Food for Thought Friday: The road not taken

I don’t like saying this, because it’s so unlikeable, but I am scarily intelligent. When I was 11, I was top of the school at Maths by a sufficiently terrifying margin, I’d read all of the surviving dialogues of Plato, and the books attributed to Aristotle, and I’d worked my way through Principia Mathematica and found the joke at theorem 110.643. I’d read more English literature than my English Lit teacher. I’d decided that I was going to be either a poet or a philosopher.

But the girls around weren’t exactly interested in any of that. And I realised, looking at the underside of Debbie Brown’s thigh when she crossed her legs, that I was really, intensely, focussedly interested in girls. So I tried to talk to them more and make friends. And I hoped I’d get a girlfriend, and we could kiss and hug and stuff.   Maybe I could stroke her thighs. 

But I had no small talk at all. I only knew how to talk seriously about big topics. I didn’t watch TV, and barely knew anything about pop music, except that the Beatles had been good, and kind of unusual. I was a Beethoven, Mozart and Wagner guy. I couldn’t dance.  

So I bought a stack of albums so I knew Bowie from Beck, and both from a hole in the ground. I bought some magazines that talked about people on TV as if they were real people, and studied them. I learned to gossip. I had my hair plaited. I learned to say mildly amusing things, without trying to be Oscar Wilde.

It took about a year, because the girls at my school remembered the little professor, and he wasn’t boyfriend material. Also, I still couldn’t manage to pretend interest in sports or belief in any religion, and I sometimes let it slip that I thought both were boring and stupid.

So my first girlfriend was a new girl, who’d just transferred from another school. I made some missteps, like taking her to a film society screening, but next time we went to the beach. And she, bless her soul, taught me to kiss, which was a head-spinning sexual revelation.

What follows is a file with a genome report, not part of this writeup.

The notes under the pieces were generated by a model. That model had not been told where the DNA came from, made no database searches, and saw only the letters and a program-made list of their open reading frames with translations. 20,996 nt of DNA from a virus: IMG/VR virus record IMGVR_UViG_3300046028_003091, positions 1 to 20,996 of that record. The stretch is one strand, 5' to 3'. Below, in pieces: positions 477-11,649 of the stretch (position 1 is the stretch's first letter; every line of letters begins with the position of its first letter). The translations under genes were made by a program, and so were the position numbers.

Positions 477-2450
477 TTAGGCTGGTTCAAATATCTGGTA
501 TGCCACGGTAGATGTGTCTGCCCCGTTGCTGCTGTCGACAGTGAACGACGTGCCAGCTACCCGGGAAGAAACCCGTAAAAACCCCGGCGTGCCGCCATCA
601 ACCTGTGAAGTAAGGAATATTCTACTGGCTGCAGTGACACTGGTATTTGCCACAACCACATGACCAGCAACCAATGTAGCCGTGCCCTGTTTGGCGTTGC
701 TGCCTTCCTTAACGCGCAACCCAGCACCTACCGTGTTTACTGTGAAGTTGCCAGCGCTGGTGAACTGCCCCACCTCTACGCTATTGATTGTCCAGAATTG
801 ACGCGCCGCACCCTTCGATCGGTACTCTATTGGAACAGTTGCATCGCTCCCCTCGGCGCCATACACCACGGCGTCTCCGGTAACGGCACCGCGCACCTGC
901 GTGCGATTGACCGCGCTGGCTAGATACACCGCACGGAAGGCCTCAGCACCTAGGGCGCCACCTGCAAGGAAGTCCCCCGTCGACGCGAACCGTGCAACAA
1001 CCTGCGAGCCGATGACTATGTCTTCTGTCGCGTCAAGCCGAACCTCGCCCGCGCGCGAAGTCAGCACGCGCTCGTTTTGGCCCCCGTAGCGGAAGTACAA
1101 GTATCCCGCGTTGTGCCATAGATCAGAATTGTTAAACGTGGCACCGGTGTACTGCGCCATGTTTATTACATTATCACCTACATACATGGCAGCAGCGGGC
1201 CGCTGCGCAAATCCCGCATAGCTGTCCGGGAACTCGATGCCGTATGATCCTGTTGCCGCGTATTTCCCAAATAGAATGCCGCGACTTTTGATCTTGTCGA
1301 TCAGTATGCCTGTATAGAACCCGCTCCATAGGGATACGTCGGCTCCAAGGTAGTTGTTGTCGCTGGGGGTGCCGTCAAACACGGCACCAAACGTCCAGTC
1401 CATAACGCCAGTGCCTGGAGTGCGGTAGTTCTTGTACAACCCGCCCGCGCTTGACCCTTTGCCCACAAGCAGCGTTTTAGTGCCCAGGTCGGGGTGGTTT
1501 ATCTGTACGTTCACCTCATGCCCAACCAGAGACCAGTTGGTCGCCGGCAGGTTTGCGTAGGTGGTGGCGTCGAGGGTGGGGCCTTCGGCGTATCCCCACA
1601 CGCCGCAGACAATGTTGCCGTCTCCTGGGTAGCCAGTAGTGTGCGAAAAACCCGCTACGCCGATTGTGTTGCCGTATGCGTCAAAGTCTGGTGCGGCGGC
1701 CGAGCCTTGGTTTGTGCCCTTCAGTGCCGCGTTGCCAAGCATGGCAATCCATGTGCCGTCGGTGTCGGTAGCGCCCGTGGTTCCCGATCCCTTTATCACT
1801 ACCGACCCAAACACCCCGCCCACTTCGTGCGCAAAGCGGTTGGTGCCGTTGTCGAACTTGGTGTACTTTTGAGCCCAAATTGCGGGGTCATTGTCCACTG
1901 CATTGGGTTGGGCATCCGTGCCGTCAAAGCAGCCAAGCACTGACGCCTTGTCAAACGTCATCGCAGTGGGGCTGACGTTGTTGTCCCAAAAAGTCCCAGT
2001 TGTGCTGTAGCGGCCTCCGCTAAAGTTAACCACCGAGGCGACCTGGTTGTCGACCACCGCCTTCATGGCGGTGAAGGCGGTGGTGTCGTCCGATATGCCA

And she taught me how to be interested in everything she thought and felt. So I was 13, with a girlfriend.

I should say that it’s not that I thought girls were dumber than me. It was that my IQ was off the charts. At that school, everyone was dumber than me. But I didn’t care about the guys. I know that saying so is not very likeable. 

So I had transformed myself from an intellectual who was never going to get laid, or at least not for years, into some sort of would-be hipster, who was obviously faking it but who could usually more or less pass. There were rewards, obviously. Sexual desire has always been the most important motivation in my life, and the new version of me, the new guy, got laid.

But there were costs, too. I had to hide, or at least tuck away, quite a lot of who I was and what interested me. At university I had a lot of wonderful sexual adventures, but not marks that identified me as all that smart. 

I don’t think I regret the self-transformation. But who knows what would have happened if I hadn’t done it?

I think I’d have spiralled further away from people, becoming more and more eccentric. And maybe become famous for solving some abstruse intellectual problem. I can’t imagine which one, now. I’m not that man. 


2 thoughts on “Food for Thought Friday: The road not taken

  1. Another fascinating post about your growing up years – of course what was a lad to do who had learned all there was about math, English lit etc? – teach himself how to be hip! good job Jaime 😉

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